Praise for Never Completely Awake
These poems are driven by a passion both sexual and scriptural through configurations of surrender to instinctive logic and imaginative opportunities. Nothing is lost upon her. She treats each moment of each scene as her raison d’etre: Devotion to the project of creative language. The collection or series is endlessly interesting. She is an artist touched by brilliance, and her gifts simply refuse to be denied. I have been blessed in my exposure to her work, as I feel sure, you will be also. Poets, they say, are either born or made. Martina Reisz Newberry is both.
—Gerald Locklin, Poetry Editor: Chiron Review.
Martina Reisz Newberry’s newest collection, Never Completely Awake , is nothing short of breathtaking. In poem after poem you find a generous spirit, a stunning acuity of image and vision, and, above all, her rare gift to wake us to a deeper circuitry that helps give our lives their necessary shape and substance. A truly superb collection, an absolute joy to read.
—Robert Hedin, author, translator, editor, founder of Red Wing Center for the Arts, Red Wing Minnesota
Martina Reisz Newberry may not be completely awake, but she is completely aware in these richly sensual poems. As she comes to terms with the aging of the physical body, her spirit waxes ever stronger and wiser in this mature collection. As she tells us, “It’s really about…how much dark you can stand.” But, there’s plenty of understanding and enlightenment along the way. Self-reflective, quietly ironic, this poet constantly observes and attends. From the Hollywood Blvd. Wax Museum to the Burningman office, from the death of a brother to the loss of a lover, she leads us through different emotional landscapes, always grounded in beauty. Whether in a vision or a waking dream, she offers us both prayer and wind in the living, breathing world.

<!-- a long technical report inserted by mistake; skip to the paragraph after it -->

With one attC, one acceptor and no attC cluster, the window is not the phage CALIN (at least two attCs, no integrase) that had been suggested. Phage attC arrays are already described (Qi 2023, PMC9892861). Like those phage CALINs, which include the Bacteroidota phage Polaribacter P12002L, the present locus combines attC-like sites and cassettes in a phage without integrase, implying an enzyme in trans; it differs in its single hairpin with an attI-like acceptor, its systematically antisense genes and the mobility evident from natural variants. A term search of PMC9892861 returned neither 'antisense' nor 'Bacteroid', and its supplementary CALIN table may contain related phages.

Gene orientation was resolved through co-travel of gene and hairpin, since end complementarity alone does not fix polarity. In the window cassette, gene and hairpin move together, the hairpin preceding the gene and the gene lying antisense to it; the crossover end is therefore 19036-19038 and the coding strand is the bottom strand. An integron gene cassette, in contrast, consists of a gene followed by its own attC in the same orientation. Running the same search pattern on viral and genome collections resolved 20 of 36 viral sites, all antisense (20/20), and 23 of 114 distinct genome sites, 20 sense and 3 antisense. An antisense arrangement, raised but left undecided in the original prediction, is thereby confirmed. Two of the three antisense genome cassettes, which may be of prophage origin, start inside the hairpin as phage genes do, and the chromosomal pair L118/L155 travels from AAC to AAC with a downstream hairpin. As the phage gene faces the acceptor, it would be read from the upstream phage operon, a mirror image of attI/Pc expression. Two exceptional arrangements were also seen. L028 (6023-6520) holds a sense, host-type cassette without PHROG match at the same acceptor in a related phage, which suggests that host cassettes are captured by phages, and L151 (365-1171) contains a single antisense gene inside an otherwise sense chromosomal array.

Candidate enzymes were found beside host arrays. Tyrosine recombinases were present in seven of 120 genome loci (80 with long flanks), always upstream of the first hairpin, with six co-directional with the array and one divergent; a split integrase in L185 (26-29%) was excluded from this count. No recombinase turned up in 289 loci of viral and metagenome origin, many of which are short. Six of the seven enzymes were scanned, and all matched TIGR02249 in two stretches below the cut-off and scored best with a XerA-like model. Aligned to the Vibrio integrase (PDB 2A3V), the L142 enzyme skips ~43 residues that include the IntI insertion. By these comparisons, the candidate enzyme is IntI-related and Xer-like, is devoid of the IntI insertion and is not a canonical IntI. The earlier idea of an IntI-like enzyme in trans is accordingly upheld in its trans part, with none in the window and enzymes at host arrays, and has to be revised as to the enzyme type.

—Robin Scofield, author of Sunflower Cantos
Transfixed by the hourglass, yearning for continuance the voices invoked by Newberry quest after ways to transcend, to keep going. Here, struggle and surrender dance their inseparable tango. Those whose lives she bids us enter exist like storm-driven kites: dipping and rising, finding the heights, fearing the line will snap. Be it rainfall of needles, pack of greyhounds, or a woman attuned to her neighbor, Newberry summons from any and each of these the place where anguish and solace collide, and—if we’re lucky— resolve. Hers is a universe freely dipped in various faiths, compelled to ask “how much dark you can stand,” even as it offers refuge.
—Margot Farrington, author of Scanning for Tigers